The point of reference I was aiming for was Plymouth Rock, only in that’s located in a New England state. Despite being hailed for its intrinsic energy, progressiveness and commonality, New England is home to a diverse group of musicians that most would not lump together under any convenient category. New England has never been counted amongst the homogenized pockets (Detroit, Chicago, New Orleans, Muscle Shoals, Nashville) that have defined American music to date.
Discounting the myriad Boston-based bands, when considering musicians of the Americana ilk residing in New England, the following few immediately come to mind: Deer Tick (Rhode Island expats now located in Nashville), The Low Anthem (also Rhode Islanders), Neko Case (now firmly rooted in Vermont) and Hannah Fair (the Connecticut-based songstress that continues to warm the heart of Bucket Full of Nails).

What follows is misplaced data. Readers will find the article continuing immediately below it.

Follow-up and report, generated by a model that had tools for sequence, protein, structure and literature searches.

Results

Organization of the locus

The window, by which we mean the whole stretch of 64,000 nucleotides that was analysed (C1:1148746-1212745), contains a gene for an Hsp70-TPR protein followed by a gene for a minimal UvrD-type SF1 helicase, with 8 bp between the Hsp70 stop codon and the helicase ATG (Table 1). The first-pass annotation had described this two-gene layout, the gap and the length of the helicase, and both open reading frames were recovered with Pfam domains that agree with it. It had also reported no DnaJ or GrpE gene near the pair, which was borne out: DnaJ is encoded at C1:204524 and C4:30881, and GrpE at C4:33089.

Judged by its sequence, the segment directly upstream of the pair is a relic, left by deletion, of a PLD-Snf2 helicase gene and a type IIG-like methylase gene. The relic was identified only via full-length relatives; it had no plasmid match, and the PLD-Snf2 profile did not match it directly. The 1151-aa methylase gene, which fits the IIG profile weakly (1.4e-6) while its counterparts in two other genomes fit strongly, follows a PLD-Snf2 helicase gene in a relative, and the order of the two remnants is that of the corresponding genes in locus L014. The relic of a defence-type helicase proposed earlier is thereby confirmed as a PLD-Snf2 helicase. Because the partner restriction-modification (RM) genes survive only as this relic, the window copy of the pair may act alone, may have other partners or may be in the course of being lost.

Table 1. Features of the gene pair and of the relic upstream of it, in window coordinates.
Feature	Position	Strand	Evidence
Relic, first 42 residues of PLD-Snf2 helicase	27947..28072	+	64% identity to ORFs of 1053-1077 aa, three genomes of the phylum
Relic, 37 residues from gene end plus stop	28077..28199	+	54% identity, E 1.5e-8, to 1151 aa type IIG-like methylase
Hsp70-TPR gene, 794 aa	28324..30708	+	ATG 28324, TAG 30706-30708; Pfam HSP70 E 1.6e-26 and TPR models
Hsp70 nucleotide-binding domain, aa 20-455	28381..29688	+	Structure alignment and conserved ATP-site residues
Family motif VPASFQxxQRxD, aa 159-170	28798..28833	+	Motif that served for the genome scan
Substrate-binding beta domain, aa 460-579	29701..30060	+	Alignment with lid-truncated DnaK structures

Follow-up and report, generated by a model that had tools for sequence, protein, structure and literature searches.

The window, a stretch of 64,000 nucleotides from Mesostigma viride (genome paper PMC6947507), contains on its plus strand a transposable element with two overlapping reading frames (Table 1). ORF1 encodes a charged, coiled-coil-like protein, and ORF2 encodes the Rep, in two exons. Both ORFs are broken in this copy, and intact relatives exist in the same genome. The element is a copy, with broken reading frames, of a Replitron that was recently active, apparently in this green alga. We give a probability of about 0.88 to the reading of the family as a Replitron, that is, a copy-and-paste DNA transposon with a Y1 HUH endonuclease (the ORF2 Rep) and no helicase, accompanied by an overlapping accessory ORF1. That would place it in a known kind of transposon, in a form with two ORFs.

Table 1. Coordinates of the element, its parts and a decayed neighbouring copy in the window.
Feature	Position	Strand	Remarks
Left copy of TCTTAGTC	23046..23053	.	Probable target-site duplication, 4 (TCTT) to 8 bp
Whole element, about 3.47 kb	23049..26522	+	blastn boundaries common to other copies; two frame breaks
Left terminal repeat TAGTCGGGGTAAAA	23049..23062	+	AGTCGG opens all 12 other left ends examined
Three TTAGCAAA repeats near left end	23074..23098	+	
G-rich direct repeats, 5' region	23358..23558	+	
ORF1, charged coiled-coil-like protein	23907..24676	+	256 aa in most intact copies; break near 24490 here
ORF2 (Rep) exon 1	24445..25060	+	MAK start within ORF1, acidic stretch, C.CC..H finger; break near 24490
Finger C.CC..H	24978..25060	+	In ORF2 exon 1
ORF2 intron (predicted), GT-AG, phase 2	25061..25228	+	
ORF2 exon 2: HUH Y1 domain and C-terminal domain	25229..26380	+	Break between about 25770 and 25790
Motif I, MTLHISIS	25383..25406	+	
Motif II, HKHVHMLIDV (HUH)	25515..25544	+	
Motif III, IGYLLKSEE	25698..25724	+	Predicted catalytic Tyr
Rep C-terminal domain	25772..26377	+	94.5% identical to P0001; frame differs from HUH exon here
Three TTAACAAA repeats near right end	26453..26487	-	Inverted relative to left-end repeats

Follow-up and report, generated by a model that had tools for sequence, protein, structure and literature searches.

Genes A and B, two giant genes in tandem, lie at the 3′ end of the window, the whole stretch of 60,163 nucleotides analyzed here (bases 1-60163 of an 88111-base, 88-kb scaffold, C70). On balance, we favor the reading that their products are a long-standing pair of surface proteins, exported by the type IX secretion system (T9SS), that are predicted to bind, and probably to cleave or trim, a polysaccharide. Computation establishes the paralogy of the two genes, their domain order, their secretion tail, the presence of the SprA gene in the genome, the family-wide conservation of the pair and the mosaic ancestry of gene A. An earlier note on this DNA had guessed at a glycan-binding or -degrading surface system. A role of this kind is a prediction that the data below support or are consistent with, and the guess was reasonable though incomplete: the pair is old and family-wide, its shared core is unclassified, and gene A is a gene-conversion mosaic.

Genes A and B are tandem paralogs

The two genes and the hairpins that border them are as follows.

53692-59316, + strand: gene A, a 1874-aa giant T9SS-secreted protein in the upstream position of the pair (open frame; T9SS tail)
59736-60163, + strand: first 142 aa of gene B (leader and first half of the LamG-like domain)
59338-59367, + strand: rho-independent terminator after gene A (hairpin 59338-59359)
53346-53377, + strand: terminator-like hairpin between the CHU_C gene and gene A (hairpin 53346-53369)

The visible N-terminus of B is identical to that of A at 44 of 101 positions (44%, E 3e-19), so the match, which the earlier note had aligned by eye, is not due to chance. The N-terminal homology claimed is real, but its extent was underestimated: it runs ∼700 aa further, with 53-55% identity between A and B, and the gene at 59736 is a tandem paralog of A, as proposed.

Despite the lack of regional notoriety, the circuitous nature of insular New England led me to discover the music of Brown Bird.
Having released their latest album, Fits of Reason, this week, Brown Bird is their own animal. As laid bare on the cover of Fits of Reason, the band’s current influences are all over the map. From the Ravi Shankar album cover to Arabic writing, pseudo-Mexican death masks to the portrait of Thomas Paine, Fits of Reason is a distillation of sources filtered through a Middle Eastern vibe.
Relying on sparse yet progressive instrumentation, band members David Lamb and MorganEve Swain bring topics such as politics, philosophy and religion to the fore on Fits of Reason.
No matter their location, Brown Bird have absorbed the influences of our greater world and filtered them through a lens that is truly American in nature.
Stream the album below but don’t expect any answers to such universal quandaries; what you’ll likely get is more questions.
Brown Bird are currently touring in support of Fits of Reason. You can find their tour dates here.